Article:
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Fully differential difference amplifier based microphone interface circuit and an adaptive signal to noise ratio analog front end for dual channel digital hearing aids

Description

A dual-channel directional digital hearing aid (DHA) front-end using a fully differential difference amplifier (FDDA) based Microphone interface circuit (MIC) for a capacitive Micro Electro Mechanical Systems (MEMS) microphones and an adaptive-power analog font end (AFE)

A dual-channel directional digital hearing aid (DHA) front-end using a fully differential difference amplifier (FDDA) based Microphone interface circuit (MIC) for a capacitive Micro Electro Mechanical Systems (MEMS) microphones and an adaptive-power analog font end (AFE) is presented. The Microphone interface circuit based on FDDA converts the capacitance variations into voltage signal, achieves a noise of 32 dB SPL (sound pressure level) and an SNR of 72 dB, additionally it also performs single to differential conversion allowing for fully differential analog signal chain. The analog front-end consists of 40dB VGA and a power scalable continuous time sigma delta ADC, with 68dB SNR dissipating 67u¬W from a 1.2V supply. The ADC implements a self calibrating feedback DAC, for calibrating the 2nd order non-linearity. The VGA and power scalable ADC is fabricated on 0.25 um CMOS TSMC process. The dual channels of the DHA are precisely matched and achieve about 0.5dB gain mismatch, resulting in greater than 5dB directivity index. This will enable a highly integrated and low power DHA

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Date Created
2011

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Triple sampling an application to a 14b 10 MS/s cyclic converter

Description

Semiconductor device scaling has kept up with Moore's law for the past decades and they have been scaling by a factor of half every one and half years. Every new generation of device technology opens up new opportunities and challenges

Semiconductor device scaling has kept up with Moore's law for the past decades and they have been scaling by a factor of half every one and half years. Every new generation of device technology opens up new opportunities and challenges and especially so for analog design. High speed and low gain is characteristic of these processes and hence a tradeoff that can enable to get back gain by trading speed is crucial. This thesis proposes a solution that increases the speed of sampling of a circuit by a factor of three while reducing the specifications on analog blocks and keeping the power nearly constant. The techniques are based on the switched capacitor technique called Correlated Level Shifting. A triple channel Cyclic ADC has been implemented, with each channel working at a sampling frequency of 3.33MS/s and a resolution of 14 bits. The specifications are compared with that based on a traditional architecture to show the superiority of the proposed technique.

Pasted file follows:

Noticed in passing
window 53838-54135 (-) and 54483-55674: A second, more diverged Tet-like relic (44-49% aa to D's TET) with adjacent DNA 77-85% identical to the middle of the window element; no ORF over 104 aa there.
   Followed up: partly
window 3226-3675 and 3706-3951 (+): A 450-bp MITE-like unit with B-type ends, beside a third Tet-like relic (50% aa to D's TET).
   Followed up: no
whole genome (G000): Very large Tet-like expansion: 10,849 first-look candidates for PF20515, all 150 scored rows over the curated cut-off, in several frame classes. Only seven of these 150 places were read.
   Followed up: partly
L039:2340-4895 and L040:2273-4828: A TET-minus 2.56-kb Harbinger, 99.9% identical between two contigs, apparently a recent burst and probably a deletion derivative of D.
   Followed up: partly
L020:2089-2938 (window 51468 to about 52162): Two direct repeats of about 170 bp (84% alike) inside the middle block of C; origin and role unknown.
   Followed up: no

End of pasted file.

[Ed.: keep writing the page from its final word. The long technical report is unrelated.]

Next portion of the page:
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Date Created
2012

Bluetooth low energy for use with MEM sensors

Description

ABSTRACT

Designers creating the next generation remote sensing enabled smart devices need to overcome the challenges of prevailing ventures including time to market and expense.

To reduce the time and effort involved in initial prototyping, a good reference design is often desired

ABSTRACT

Designers creating the next generation remote sensing enabled smart devices need to overcome the challenges of prevailing ventures including time to market and expense.

To reduce the time and effort involved in initial prototyping, a good reference design is often desired and warranted. This paper provides the necessary reference materials for Designers to implement a wireless solution efficiently and effectively.

This document is intended for users with limited Bluetooth technology experience.

Many sensing-enabled devices require a ‘hard-wire’ or cable link to a host monitoring system. This can limit the potential for product advancements by anchoring the system to a single location preventing portability and the convenience of a remote system. By removing the “wired” or cabled portion from a design, a broader scope of devices becomes feasible.

One common problematic area for these types of sensors is within the internal medicine field. Proximity sensing is far more practical and less invasive to implement than surgical implantation. Bluetooth Low Energy (BLE) systems solve the hard wired problem by decoupling the physical sensor from the host system through a BLE transceiver that can send information to an external monitoring system. This wireless link enables new sensor technology to be leveraged into previously unobtainable markets; such as, internal medicine, wearable devices, and Infotainment to name a few. Wireless technology for sensor systems are a potentially disruptive technology changing the way environmental monitoring is implemented and considered.

With this BLE design reference, products can be created with new capabilities to advance current technologies for military, commercial, industrial and medical sectors in rapid succession.

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2015